Travel to Senegal
Flying to Senegal
The national airline is Senegal Airlines (www.senegalairlines.aero), which flies within the continent. If travelling from the UK, options include flights with Air France (www.airfrance.com) via Paris, Iberia (www.iberia.com) via Madrid, Royal Air Maroc (www.royalairmaroc.com) via Casblanca, and TAP Portugal (www.flytap.com) via Lisbon. Delta (www.delta.com) operates direct flights from New York to Dakar.
The cheapest time to fly to Senegal is between January and February.
Blaise Diagne International Airport, located near the town of Ndiass, started operating in December 2017. It serves as a new airport for Dakar, replacing Léopold Sédar Senghor International Airport.
In the past few years there have been reports of luggage going missing at the airport, so make sure you have travel insurance just in case you cannot recover your luggage. It’s also advisable to use locks on your luggage to avoid anybody tampering with your belongings when you arrive at Dakar airport.
Cap Skirring AirportCode
Léopold Sédar Senghor International AirportCode
The airport is 17km (10.5 miles) northwest of the city (journey time - 25 minutes).TelephoneAddress
From London - 8 hours (including stopover); New York - 7 hours 30 minutes.
Travelling to Senegal by Rail
Recent reports highlight that the Dakar-Bamako train is no longer running.
Driving to Senegal
It's possible to travel to Senegal from Europe by road, and many people do either by their own means or with a tour company. However, recently, because of instability in the north of Mali (one of the entry points to sub-Saharan West Africa) it is not advisable to take the Sahara route.
The following route is recommended if you are thinking of undertaking this adventure: Spain – Morocco – Western Sahara – Mauritania – Senegal. If you are driving straight through, without stopping, this itinerary should take you about a week to complete.
It's also possible to travel to Senegal by road from other countries in the whole of Africa. One of the most popular routes is to and from South Africa. Itineraries for this trip are varied, and it's advisable to enquire within a relevant forum for up-to-date information.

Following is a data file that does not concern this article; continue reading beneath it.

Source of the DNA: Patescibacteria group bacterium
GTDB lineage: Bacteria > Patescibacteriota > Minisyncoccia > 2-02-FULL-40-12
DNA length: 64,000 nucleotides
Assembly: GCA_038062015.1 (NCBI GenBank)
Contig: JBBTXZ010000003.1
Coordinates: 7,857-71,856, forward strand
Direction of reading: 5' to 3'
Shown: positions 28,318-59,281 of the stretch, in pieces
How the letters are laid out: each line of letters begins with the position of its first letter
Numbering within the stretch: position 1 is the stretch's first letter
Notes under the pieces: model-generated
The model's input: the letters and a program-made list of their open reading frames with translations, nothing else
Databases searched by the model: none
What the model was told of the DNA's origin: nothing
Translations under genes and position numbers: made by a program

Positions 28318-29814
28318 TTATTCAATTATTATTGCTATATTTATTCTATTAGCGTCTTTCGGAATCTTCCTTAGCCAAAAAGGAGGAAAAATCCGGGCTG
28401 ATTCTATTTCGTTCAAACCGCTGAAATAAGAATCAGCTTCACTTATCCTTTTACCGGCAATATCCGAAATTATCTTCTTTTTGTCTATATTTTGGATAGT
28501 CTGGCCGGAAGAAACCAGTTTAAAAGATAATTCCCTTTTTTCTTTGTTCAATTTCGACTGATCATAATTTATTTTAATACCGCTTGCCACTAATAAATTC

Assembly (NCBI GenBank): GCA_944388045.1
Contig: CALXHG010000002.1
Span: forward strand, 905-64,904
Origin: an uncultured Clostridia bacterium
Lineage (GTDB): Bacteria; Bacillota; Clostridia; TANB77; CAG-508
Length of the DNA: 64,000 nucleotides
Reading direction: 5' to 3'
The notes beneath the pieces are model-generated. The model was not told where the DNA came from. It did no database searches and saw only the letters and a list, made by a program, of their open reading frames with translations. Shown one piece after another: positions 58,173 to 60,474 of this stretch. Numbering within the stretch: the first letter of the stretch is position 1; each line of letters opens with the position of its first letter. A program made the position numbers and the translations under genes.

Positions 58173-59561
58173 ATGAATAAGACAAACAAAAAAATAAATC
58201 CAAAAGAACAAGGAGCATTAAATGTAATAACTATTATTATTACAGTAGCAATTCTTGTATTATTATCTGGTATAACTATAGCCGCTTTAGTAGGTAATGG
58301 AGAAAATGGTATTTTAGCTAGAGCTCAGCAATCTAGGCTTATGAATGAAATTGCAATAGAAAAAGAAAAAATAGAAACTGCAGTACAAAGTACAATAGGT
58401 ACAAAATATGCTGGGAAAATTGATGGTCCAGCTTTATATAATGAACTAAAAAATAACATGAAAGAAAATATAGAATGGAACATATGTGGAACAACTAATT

West African borders are sometimes known for being troublesome to cross for novices to overland travel. Make sure that you have valid multiple-entry visas for all countries you are to cross, as well as a valid driving licence, insurance and proof of vehicle ownership.
Another bit of advice would be to act confident and friendly when talking to immigration officers and border police, know a bit of conversational French and, even though we do not condone this, have a spare bit of cash if it comes to an officer asking you for a back-hander; it does happen unfortunately and it can speed things up tremendously.
Getting to Senegal by boat
Senegal’s main port is Dakar. It's one of the largest deep-water seaports along the West African coast. Other ports major commercial ports are found in Kaolack, Matam, Podor, Richard Toll, Saint-Louis and Ziguinchor.
There are several options if you want to travel to Dakar by sea. Cargo ships on their way from Europe offer passenger services and cruise ships run a regular service from various ports around the world.
Several cruise ship companies, operating both small and large vessels, dock in Senegal. There are regular sailings from the Canary Islands, France, Morocco, Spain and several South American and West African ports.
Ferries cross the Senegal River in the north of the country from Mauritania and operate daily to link the towns of Rosso Senegal with Rosso Mauritania.
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